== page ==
Set in post-civil war, pre-prohibition era America, The Pinkertons takes place in the Wild West, where all of the drinking, shooting and gambling requires the constant presence of sheriffs, US marshalls and detectives. The Pinkerton Detective Agency sets up shop in Kansas City, where there are plenty of murders to go around and money to be made by solving them. Continue reading
DISCLAIMER: Netflix has been monitoring my email and due to my importance as a customer, they’ve immediately added Miss Fisher’s Murder Mysteries to Canadian Netflix as of June 1, 2015.
To the creators of Miss Fisher’s Murder Mysteries,
I am writing to you today because I love your show. I love watching the adventures and exploits of Phryne Fisher (played with unwavering pizzazz by Essie Davis), solving mysteries while impeccably dressed in jazz-soaked 1920’s Australia. I love that Phryne is independently wealthy and just decides one day that detective work would be fun. I love that Phryne is a collector of people, like Bert and Cec, the drivers/working class thugs/dock workers (I really don’t know how they earn their keep); or Dot, the timid and shy young woman who becomes Phryne’s maid/confidant; or the Little Orphan Annie-type kid that Phryne adopts who disappears for long stretches whenever convenient to the plot; or the many, many men that come in and out of Phryne’s life and bed. All of whom Phryne uses to help her solve mysteries. It is the perfect show to watch during the summer months and, since we are finally having a semblance of warm weather here in the arctic tundra known as Winnipeg, I’ve been devouring the first season. The show is fluffy and fizzy and feminist and I love it. Almost everything you need to know about the show can be summed up by this promotional photograph:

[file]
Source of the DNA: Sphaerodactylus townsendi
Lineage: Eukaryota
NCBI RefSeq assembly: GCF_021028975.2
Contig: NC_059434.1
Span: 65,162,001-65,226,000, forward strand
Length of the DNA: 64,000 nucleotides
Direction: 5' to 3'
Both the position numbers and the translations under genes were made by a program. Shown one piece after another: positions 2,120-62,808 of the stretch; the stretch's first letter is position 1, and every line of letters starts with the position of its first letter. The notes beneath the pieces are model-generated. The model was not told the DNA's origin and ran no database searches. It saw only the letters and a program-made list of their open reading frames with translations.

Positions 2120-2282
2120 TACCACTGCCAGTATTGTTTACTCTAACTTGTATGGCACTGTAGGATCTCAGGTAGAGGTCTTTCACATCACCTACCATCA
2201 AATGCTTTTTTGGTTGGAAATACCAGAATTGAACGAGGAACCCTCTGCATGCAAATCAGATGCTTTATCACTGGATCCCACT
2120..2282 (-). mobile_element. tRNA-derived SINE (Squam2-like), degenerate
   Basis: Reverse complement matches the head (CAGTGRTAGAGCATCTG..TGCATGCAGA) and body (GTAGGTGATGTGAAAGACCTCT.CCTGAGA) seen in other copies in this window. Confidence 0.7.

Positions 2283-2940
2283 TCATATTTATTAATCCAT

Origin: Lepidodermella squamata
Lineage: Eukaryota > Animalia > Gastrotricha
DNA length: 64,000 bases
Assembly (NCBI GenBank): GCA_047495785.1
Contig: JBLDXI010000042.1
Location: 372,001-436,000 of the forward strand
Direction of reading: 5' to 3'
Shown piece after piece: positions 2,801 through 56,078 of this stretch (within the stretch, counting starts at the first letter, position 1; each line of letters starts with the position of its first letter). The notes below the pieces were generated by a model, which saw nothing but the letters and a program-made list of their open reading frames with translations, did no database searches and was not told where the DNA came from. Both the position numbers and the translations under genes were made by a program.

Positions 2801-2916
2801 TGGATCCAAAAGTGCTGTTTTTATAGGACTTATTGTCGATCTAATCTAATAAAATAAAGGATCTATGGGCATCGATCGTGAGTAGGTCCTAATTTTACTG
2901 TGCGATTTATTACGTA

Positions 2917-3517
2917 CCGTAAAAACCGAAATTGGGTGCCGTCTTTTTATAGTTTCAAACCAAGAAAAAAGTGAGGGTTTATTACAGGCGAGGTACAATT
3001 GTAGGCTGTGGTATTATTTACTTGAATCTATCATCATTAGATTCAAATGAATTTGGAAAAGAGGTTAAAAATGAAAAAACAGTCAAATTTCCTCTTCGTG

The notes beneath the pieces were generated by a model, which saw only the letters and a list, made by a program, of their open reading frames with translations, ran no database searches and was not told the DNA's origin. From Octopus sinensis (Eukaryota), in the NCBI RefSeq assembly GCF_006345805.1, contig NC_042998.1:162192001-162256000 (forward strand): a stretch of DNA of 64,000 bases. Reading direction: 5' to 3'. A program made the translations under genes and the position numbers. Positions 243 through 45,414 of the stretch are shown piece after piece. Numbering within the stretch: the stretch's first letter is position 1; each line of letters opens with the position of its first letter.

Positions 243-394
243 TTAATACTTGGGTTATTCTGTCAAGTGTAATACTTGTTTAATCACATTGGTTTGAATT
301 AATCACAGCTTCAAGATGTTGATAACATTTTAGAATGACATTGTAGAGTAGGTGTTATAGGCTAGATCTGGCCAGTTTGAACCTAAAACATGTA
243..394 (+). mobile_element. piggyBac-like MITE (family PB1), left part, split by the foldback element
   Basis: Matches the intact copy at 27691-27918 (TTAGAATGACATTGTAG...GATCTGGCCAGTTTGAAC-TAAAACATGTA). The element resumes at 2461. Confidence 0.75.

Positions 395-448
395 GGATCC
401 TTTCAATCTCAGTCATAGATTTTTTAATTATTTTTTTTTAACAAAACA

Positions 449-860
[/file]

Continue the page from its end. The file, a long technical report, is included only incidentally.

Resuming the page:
I have previously waxed poetic about the lovely if not talented David Letterman on this forum; and since the GAOTV divas have done several valentines to Mad Men, Justified, et al – I’ll drudge some more Letterman figurative felatio. Continue reading
This week, we attempt to discuss the series finale of Mad Men.